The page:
- Carefully remove the individual from the exposure area
- Clean the mouth to remove any remaining substance; wipe mouth with a wet cloth
- Confirm that the airways are protected; also, ensure breathing and the presence of pulse
- Unless instructed by a healthcare professional, DO NOT induce vomiting in the affected individual
- If skin exposure or involvement of the eye has occurred, then wash thoroughly with copious amounts of water (for at least 15 minutes)
- Take individual to emergency room (ER) for further treatment
- Dispose contaminated clothing, while wearing protective gloves/gear, based on suitable instruction of the poison control center
- Always try to take the product bottle/container to the ER
The emergency medical health professional might perform the following steps towards treating the condition:
- Decontaminate the individual before starting treatment (usually done by the first responders)
- Gastric lavage for elimination of the substance from the stomach (irrigation using special solutions)
- Administer activated charcoal to avoid absorbance of the substance in the body
- Administer suitable medication/antidote to counter effects of the toxin; usually, atropine is administered intravenously
- Medically manage symptoms, such as abnormal heart rate and seizures
- Provide breathing support, if necessary
- Wash skin and eyes repeatedly and thoroughly (irrigation), to eliminate any remaining hazardous compound
- Surgical treatment for skin burns including removal of burnt skin
- Administer fluids by an intravenous drip line
Who should administer First Aid for Insecticide Poisoning?
First aid for Insecticide Poisoning is administered by healthcare professionals.
- The individual who is affected, or someone near, should call 911 for emergency assistance (or the local emergency number)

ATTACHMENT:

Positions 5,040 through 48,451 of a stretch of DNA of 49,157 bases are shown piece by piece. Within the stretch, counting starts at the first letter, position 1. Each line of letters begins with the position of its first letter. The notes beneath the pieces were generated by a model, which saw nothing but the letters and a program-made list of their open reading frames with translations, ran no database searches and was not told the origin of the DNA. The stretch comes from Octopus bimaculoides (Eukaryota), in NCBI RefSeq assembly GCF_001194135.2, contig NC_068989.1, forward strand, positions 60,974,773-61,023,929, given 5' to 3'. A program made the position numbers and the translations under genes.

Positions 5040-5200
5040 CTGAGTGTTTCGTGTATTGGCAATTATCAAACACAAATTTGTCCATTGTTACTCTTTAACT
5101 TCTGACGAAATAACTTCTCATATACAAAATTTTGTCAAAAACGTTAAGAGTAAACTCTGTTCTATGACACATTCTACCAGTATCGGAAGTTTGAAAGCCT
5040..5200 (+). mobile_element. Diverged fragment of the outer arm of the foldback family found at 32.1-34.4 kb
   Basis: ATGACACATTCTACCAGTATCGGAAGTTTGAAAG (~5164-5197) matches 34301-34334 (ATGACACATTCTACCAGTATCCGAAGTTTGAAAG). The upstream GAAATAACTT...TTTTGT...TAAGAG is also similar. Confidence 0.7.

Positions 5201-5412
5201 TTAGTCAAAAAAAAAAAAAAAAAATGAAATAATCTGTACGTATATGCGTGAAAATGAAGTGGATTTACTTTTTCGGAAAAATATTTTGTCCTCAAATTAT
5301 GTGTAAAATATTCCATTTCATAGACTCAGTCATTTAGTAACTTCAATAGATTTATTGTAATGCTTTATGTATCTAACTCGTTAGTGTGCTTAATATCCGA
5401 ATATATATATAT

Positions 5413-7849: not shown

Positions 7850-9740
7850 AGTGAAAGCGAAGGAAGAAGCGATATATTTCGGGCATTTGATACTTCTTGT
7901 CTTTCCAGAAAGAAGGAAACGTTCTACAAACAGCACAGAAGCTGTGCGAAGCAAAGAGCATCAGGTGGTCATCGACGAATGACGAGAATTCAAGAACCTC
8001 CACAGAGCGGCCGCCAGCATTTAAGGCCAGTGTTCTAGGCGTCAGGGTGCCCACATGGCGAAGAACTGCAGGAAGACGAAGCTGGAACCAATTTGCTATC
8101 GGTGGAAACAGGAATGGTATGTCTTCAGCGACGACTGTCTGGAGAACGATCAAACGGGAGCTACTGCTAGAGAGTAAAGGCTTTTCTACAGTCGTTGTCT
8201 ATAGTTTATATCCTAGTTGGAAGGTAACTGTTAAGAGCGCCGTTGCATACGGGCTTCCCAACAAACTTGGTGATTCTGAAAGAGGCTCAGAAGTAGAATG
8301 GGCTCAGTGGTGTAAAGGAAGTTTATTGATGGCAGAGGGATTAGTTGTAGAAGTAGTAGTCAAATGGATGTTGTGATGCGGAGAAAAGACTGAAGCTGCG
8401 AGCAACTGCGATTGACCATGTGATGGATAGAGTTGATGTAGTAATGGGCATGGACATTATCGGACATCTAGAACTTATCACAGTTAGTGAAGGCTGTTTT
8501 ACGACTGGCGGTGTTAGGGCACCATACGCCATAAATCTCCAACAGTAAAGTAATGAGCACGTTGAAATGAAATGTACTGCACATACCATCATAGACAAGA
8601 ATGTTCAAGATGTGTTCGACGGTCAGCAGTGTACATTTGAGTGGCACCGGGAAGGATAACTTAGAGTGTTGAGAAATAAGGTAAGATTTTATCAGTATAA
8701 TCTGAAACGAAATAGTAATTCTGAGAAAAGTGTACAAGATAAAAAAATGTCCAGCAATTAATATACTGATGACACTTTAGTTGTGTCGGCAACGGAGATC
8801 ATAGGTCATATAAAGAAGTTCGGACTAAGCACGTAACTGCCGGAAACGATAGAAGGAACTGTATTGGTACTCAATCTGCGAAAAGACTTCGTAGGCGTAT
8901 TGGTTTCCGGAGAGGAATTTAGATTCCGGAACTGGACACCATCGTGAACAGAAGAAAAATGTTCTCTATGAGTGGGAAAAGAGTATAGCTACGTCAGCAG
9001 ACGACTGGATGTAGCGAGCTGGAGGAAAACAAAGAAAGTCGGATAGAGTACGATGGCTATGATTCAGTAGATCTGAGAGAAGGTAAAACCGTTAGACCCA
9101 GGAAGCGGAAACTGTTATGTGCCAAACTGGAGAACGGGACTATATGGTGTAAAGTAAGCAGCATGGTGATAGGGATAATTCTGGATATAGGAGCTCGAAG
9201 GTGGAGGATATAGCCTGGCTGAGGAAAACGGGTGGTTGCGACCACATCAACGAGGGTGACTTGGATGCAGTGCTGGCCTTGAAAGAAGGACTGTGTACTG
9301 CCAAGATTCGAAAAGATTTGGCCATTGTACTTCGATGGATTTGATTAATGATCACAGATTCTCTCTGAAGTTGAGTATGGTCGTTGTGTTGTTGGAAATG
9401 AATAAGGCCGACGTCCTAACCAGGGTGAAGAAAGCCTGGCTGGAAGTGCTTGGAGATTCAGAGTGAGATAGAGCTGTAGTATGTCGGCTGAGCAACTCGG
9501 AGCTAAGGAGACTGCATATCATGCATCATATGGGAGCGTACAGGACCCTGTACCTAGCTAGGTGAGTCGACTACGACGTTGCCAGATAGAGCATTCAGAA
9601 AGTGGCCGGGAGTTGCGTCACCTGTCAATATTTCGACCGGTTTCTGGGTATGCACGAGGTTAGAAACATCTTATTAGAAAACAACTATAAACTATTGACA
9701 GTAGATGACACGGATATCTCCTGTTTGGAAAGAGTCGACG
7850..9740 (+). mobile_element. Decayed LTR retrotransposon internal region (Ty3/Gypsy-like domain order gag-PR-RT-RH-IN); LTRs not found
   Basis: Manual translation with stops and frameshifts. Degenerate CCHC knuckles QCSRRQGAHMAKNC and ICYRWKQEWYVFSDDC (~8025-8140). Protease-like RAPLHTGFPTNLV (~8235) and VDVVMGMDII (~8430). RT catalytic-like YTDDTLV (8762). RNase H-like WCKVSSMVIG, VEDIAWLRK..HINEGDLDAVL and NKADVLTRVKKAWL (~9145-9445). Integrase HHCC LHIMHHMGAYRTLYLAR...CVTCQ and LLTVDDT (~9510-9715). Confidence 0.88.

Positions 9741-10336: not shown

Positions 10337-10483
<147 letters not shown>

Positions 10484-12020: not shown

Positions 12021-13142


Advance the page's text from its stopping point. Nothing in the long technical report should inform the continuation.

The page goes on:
- They should also call the poison control center at 1-800-222-1222 (or the local poison control center) and follow instructions
What is the Prognosis of Insecticide Poisoning?
- The prognosis of Insecticide Poisoning is dependent on the type and amount of substance consumed, time between consumption and treatment, severity of the symptoms, as well as general health status of the patient
- If the individual can recover from the symptoms within 4-6 hours following the poisoning event, with appropriate medication and early support, the outcome is generally good
- In many cases, a complete recovery may take some time (weeks and months) and necessitate prolonged treatment
- In case of severe symptoms including abnormal heart rates, seizures, and coma, it may considerably worsen the outcome. Individuals, who swallowed organophosphates are affected the most; the outcomes are usually guarded to poor
In general, toxicities are common situations in the emergency departments. A majority of the cases are often not fatal, when appropriate treatment is given.
How can Insecticide Poisoning be Prevented?
Insecticide Poisoning can be prevented by:
- Keeping poisonous/hazardous chemicals and other materials out of children’s reach
- Always follow instructions for usage of any chemical products
- Using appropriate protective wear (hand gloves, face masks) when working with or using such chemicals
- Be aware of basic first aid steps in case of an emergency (such as inadvertent poisoning)
Note: Over the last few decades, some insecticides have been discontinued, while the use of many insecticides have been banned around the world.
What are certain Crucial Steps to be followed?
- Call 911 (or your local emergency number) for emergency assistance, if symptoms are life-threatening
- Call Poison Control Center at 1-800-222-1222 (or the local poison control center) and follow the recommend steps
- It would be helpful if the following information is readily available:
- Type, amount and time of consumption of the substance
- Age and weight of the individual
- And, the overall health status of the individual